We considered doing something similar and planned for a small 25x25 2 car garage with "maybe" an upstairs area that could be turned into a room and a 12x12 laundry/mud room in between. Things our builder had us consider were that if the room was going to be built as a bedroom, the septic tank would have to be verified to be capable of another occupied bedroom, the electrical would require some upgrade and such. Make sure there's 220V available just in case.

I like the look of a "smaller looking" garage from the street, for houses, but in our case, all anyone sees from the street is trees, so that wouldn't matter. We already have a 24x36 detached garage that's 200 feet away from the house with 220V tools and a 4 post lift in it, so were looking for something to be able to just drive in and go right in the house during the winter.

In the end, we determined that the kids are just too close to leaving (youngest one is 17) so just dropped the whole idea.
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clutchied
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Re: Building additional garage - recommendations?

Post by clutchied » Fri Oct 13, 2017 7:36 am

Something I wished I'd looked at more closely was a higher ceiling in the garage.

This may sound crazy but you can get car lifts installed for around $2500 and it adds another car slot. Way cheaper than building more space.

I love BMW's but I drive an i3 daily but have others I like to drive on the weekend. currently they sit covered in the driveway which I don't really like. If I had a lift it would be really nice, but I don't think I can fit one.

Also do some 50amp 6gauge 240 runs in there somewhere for an EV charger, heater or heavy equipment. Running 6 gauge wire can be unbelievably difficult.

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fire5soon
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Re: Building additional garage - recommendations?

Post by fire5soon » Fri Oct 13, 2017 7:46 am

As a car guy I would absolutely love to have a lift in my garage.
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KevinIA
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Re: Building additional garage - recommendations?

Post by KevinIA » Fri Oct 13, 2017 7:46 am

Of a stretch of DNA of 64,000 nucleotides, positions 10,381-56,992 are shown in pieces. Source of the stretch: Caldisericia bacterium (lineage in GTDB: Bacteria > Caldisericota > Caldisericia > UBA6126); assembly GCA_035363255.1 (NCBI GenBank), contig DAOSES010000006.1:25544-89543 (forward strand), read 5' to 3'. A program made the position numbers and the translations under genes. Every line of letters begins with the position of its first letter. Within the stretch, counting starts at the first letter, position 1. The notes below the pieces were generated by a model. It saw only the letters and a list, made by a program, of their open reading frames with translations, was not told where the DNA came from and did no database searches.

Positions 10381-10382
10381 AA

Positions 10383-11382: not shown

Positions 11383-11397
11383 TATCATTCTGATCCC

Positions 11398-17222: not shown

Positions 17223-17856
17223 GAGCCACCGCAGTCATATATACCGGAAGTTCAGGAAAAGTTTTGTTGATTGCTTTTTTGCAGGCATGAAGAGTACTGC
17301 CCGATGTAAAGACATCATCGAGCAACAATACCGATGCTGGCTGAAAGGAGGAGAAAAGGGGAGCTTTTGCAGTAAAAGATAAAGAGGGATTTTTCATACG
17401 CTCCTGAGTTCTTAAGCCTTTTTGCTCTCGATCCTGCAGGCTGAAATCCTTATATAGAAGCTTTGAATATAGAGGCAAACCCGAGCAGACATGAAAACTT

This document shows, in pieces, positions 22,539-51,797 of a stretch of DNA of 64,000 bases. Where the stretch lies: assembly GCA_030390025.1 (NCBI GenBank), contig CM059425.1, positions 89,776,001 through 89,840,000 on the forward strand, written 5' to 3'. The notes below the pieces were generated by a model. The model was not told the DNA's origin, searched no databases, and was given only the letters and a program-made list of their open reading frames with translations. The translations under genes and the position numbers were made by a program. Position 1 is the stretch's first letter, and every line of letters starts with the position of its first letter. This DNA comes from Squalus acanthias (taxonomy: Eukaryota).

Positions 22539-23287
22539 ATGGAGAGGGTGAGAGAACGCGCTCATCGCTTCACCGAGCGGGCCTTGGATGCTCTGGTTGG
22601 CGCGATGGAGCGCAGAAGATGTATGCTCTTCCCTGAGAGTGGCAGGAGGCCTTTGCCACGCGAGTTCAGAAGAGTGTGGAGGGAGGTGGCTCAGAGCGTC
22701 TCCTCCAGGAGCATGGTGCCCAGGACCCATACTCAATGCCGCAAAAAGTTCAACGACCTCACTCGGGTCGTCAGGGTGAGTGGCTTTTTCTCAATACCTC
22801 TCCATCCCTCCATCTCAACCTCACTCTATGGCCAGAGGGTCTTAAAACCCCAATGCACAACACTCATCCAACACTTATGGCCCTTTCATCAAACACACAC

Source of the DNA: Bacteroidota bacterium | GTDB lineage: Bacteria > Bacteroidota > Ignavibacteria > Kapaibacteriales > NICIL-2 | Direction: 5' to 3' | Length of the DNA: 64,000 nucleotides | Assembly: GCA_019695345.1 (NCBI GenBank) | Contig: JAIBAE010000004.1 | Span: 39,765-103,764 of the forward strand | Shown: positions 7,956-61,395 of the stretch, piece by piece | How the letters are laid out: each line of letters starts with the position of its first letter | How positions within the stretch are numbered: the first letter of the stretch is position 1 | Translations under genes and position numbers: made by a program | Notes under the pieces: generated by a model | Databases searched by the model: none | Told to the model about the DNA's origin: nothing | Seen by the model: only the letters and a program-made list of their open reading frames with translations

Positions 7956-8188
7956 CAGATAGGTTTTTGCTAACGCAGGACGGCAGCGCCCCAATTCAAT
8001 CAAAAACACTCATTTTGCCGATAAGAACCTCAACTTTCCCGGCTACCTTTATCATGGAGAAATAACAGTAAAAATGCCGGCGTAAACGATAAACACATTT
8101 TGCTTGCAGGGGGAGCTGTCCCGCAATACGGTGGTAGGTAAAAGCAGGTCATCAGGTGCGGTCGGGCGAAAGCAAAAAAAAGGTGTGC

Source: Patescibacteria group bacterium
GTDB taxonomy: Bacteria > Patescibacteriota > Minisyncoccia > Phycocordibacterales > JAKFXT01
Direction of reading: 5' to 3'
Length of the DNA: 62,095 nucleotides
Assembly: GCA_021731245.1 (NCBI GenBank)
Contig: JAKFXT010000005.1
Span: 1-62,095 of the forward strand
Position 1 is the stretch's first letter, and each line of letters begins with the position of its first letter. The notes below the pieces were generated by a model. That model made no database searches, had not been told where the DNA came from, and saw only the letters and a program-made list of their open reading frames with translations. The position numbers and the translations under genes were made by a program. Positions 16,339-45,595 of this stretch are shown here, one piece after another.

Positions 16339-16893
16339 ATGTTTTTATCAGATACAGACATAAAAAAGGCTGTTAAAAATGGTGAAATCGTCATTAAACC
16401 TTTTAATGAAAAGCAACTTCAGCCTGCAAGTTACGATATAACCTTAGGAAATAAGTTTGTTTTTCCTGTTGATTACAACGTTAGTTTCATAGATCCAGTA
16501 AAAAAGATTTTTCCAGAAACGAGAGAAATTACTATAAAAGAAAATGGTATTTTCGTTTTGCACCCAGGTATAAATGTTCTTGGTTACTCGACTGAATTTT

If you plan on a 4 post storage lift you need a minimum of 11 foot ceiling. You can calculate by taking the height of car on lift plus height of car under lift plus the height of lift base. I have a 4 post with a bmw m3 stored on it, I had to box vault the ceiling to not hit my head on the lift every time I walked under it. A 2 post lift of any decent size will need 12 foot ceiling. Attic stairs are a must, youtube videos for attic lifts that can easily be incorporated, basically an electric winch and basket to get items easily into attic without carrying them up the attic stairs by hand. When we built our garage we framed and decked 500 square feet with floor joists and subfloor so you can put heavier items up there. 4 post lift is about $4000 for a nice one. If you lay out the garage correctly It is cheaper to buy several lifts than increasing square feet. ie 3 lifts and high ceiling in a 3 car garage will hold 6 cars. Much cheaper than a 6 car footprint. We keep 5 cars and a tractor in 1000 square feet with 1 lift and have plenty of room. Build it as big as you can afford, even my wife says we should have built the garage twice as big as we did 10 years ago!

barnaclebob
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Re: Building additional garage - recommendations?

Post by barnaclebob » Fri Oct 13, 2017 8:09 am

This is useful for anyone: Make sure the doorknob to inside the house or other garage is a lever and not a knob so you can bump it open with a box. My life is easier after I noticed my brothers house had a lever and I switched.

A 240v outlet or two is also nice if you plan on doing any woodworking or use any high power tools in the future.

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lthenderson
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Re: Building additional garage - recommendations?

Post by lthenderson » Fri Oct 13, 2017 8:25 am

I'm not against building a garage addition but I will say that about 95% of the garages I have seen are severely under utilized. I have a two and a half car garage and besides two full sized cars, I have a gardening center for my wife, wheel barrow, three ladders, about 10 bags of soils, mulches and gravel, a snowblower, seven bicycles, tiller, two strollers, a wagon, eight foot workbench, 20 foot workbench, an entire wood working shop complete with hybrid cabinet saw, router table, mortising machine, drill press, bandsaw, jointer, etc, a rolling tool box, chainsaws, leaf blowers, dozens of yard tools, two shelves of automotive supplies and much more and still have plenty of room to park, open both car doors and walk around.

The key is to look up. Utilize wall space and ceiling space. You can buy a pallet load of devices to hang stuff from the walls and ceilings that are seasonal or rarely used to free up tons of floor space and for a tiny fraction of what it would cost to add onto your garage. For instance, all my bicycles hang from the ceiling and can be lowered down using ropes and pulleys in a few seconds when needed. Ladders are also prime candidates for hanging from the ceilings. I installed cabinets under and over my workbenches to organize all my wood working tools along with my plumbing, electrical and other assorted tools need for fixing up houses. The only things taking up floor space besides the car are heavy items like the tiller and snow blower and things I need to access on a nearly daily basis.